Crown Brewery Co (West Yorkshire)

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Crown, Bradford 1986.jpg

Crown Brewery Co, Nesfield Street, Bradford, West Yorkshire.

Established in c.1875 by George Blakey, wine & spirit merchant and bottler.

Used by Robert Ogden in partnership with Samuel Ogden from Haworth until bankruptcy in 1883. David Levy began trading as the Levy Brothers the following year.

William Wallace formed company as above c.1892.

Premises acquired by Wheatley & Bates Ltd. of Sheffield in 1895 who were black beer manufacturers.

Merged into Boardman's United Breweries Ltd in 1896.

Buildings remain.

List of Crown Brewery Co. pubs

Malcolm Toft writes:-

George Blakey, Nesfield Street, Manningham, Bradford.

In December 1867 he announced that he had opened a new bottled ale and porter establishment in Albion Yard, Ivegate, near Barracloughs. There he bottled Bass, Mild, Bitter, Guinness and was also agent for the Keighley Old Brewery. In 1875 he opened premises in Nesfield Street, this business was not a great success for in July 1879 there appeared a notice of bankruptcy upon George Blakey of Nesfield Street and North Parade, Bradford, and of Ilkley, brewer. Means were found for him to remain in business for on the census of 1881 he was described as a wine and spirit merchant, beer and stout bottler, employing seven men and three women.

A bankruptcy notice in the Bradford Observer of Saturday 29th September 1883 gave the following details:-

Samuel Ogden of Haworth, Common Brewer, now carrying on business in co-partnership with Robert Ogden, at Nesfield Brewery in Manningham Lane, Bradford, under the style or firm S.Ogden & Co; and formerly carrying on business in co-partnership with John Parker at the Fallwood Brewery, Haworth, under the style or firm Ogden & Parker.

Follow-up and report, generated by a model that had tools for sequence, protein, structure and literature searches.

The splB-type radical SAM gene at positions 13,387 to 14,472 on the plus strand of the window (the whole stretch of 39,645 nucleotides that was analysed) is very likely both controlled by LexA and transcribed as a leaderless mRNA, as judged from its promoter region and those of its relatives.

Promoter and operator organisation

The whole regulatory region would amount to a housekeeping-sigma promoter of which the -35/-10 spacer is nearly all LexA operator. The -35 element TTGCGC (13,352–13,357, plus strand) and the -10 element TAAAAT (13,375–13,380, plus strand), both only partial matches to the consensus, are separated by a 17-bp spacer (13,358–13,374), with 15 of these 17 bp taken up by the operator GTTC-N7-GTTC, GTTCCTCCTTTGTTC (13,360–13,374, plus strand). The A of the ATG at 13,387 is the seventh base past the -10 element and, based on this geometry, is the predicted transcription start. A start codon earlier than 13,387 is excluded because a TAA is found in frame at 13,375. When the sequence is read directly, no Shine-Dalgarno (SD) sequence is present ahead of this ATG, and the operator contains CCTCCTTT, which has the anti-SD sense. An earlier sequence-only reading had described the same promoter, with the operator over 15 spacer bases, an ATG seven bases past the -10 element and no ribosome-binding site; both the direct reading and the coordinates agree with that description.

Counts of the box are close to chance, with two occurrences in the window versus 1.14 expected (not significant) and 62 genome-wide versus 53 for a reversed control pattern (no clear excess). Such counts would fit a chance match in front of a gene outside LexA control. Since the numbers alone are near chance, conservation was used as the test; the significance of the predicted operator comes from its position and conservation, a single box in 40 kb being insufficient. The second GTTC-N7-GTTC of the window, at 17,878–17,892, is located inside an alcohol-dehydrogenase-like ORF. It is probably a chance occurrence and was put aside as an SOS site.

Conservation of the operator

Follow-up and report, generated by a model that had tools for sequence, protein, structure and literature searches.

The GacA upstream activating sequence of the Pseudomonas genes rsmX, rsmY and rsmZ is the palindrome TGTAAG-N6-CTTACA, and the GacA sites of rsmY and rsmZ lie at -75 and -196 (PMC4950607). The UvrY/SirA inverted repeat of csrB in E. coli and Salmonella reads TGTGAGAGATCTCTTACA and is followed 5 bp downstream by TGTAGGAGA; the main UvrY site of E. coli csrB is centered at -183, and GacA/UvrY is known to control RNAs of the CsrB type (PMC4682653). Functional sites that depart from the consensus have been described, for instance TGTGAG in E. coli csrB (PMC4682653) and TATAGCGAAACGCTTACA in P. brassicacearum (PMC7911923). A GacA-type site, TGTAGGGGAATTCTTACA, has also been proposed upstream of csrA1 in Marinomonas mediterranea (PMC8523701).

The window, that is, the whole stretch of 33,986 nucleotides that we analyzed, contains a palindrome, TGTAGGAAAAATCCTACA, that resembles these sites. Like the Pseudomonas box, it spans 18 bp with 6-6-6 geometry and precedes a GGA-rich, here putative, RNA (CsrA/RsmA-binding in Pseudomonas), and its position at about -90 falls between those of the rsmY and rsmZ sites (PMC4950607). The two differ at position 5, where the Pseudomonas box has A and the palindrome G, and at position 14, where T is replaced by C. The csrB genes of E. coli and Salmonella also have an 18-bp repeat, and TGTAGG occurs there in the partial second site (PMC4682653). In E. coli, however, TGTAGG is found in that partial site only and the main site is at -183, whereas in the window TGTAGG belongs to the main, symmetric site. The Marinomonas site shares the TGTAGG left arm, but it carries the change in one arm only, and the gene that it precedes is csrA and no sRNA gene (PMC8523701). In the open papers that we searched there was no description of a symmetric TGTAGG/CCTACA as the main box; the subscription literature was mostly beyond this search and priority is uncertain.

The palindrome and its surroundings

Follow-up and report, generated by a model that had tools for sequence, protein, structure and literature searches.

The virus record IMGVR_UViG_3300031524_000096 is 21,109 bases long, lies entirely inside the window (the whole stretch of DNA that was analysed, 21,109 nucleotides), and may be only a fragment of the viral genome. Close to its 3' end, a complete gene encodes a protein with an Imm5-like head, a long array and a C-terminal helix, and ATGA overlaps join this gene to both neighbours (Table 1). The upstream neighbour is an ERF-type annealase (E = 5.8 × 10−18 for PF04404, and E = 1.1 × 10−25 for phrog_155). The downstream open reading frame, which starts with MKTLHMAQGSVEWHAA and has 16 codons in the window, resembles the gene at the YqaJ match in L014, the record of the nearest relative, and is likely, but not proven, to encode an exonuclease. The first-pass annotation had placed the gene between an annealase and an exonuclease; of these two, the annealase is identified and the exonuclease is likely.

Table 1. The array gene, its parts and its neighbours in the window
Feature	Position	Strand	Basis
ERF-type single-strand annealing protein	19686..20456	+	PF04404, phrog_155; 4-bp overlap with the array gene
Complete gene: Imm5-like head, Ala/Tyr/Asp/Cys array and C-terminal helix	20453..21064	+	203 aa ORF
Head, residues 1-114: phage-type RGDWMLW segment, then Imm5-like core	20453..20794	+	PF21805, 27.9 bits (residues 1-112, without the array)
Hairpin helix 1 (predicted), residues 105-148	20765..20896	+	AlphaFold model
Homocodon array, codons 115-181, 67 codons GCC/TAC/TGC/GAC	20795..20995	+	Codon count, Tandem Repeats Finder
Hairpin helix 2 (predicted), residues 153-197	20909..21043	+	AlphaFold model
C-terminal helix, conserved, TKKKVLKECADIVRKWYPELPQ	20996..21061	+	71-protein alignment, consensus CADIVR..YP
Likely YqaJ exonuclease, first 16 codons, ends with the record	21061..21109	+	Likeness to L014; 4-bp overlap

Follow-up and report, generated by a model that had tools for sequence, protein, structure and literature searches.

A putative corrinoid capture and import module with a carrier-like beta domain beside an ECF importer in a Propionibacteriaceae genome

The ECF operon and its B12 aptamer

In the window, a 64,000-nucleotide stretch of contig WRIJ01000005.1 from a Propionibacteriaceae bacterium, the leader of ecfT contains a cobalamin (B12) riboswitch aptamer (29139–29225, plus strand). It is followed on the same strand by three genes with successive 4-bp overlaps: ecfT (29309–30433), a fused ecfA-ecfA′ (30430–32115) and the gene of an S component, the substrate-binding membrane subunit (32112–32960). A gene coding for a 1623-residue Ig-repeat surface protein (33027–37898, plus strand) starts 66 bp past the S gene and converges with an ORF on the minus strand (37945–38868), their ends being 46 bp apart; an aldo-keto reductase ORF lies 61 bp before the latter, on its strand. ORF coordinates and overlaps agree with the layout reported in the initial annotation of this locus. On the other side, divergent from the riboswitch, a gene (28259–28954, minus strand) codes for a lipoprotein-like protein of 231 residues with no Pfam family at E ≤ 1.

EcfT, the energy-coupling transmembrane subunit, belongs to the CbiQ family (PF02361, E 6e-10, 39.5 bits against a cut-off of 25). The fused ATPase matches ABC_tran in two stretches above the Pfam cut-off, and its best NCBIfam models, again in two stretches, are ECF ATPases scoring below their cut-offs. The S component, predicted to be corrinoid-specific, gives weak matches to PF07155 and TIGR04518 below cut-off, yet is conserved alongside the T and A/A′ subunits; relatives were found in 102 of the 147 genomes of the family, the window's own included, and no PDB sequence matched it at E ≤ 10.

David Levy acquired the Nesfield Street premises in 1884 and the property became known as the Crown Brewery. The concern ran under the title Levy Brothers despite there being only one proprietor. About 1887 the establishment was said to be four stories in height with cellarage and a yard, and termed “a model brewery, not on account of the size, but because of the fact that being perfectly equipped, and on account of the cleanliness and care taken to earn a reputation for quality of beer, stout and ales”.

In 1886 Robert Ogden was still in occupation when there was a report of false alarm of fire in the local press. He may possibly have been working for David Levy. By 1887, Levy was said to be in partnership at the Eastbrook Brewery, trading as Thornton, Levy & Co.

William Wallace of Halifax formed the Crown Brewery Co c1892, when the business became merged into Boardman's United Breweries Ltd; they owned two houses. The premises then came into the hands of Wheatley & Bates of Sheffield, black-spruce beer bottlers, beer bottlers and hotel owners.

Entry in the Trade Mark Registry

Registration No  : 95,451

Description  : Label design for hop stout (non-intoxicating)
Date of Application  : 29/1/1890
Used Prior to 1870?  : NO

Registration No  : 178,156
Description  : Label design with beacon
Date of Application  : 12/2/1894

Used Prior to 1870?  : NO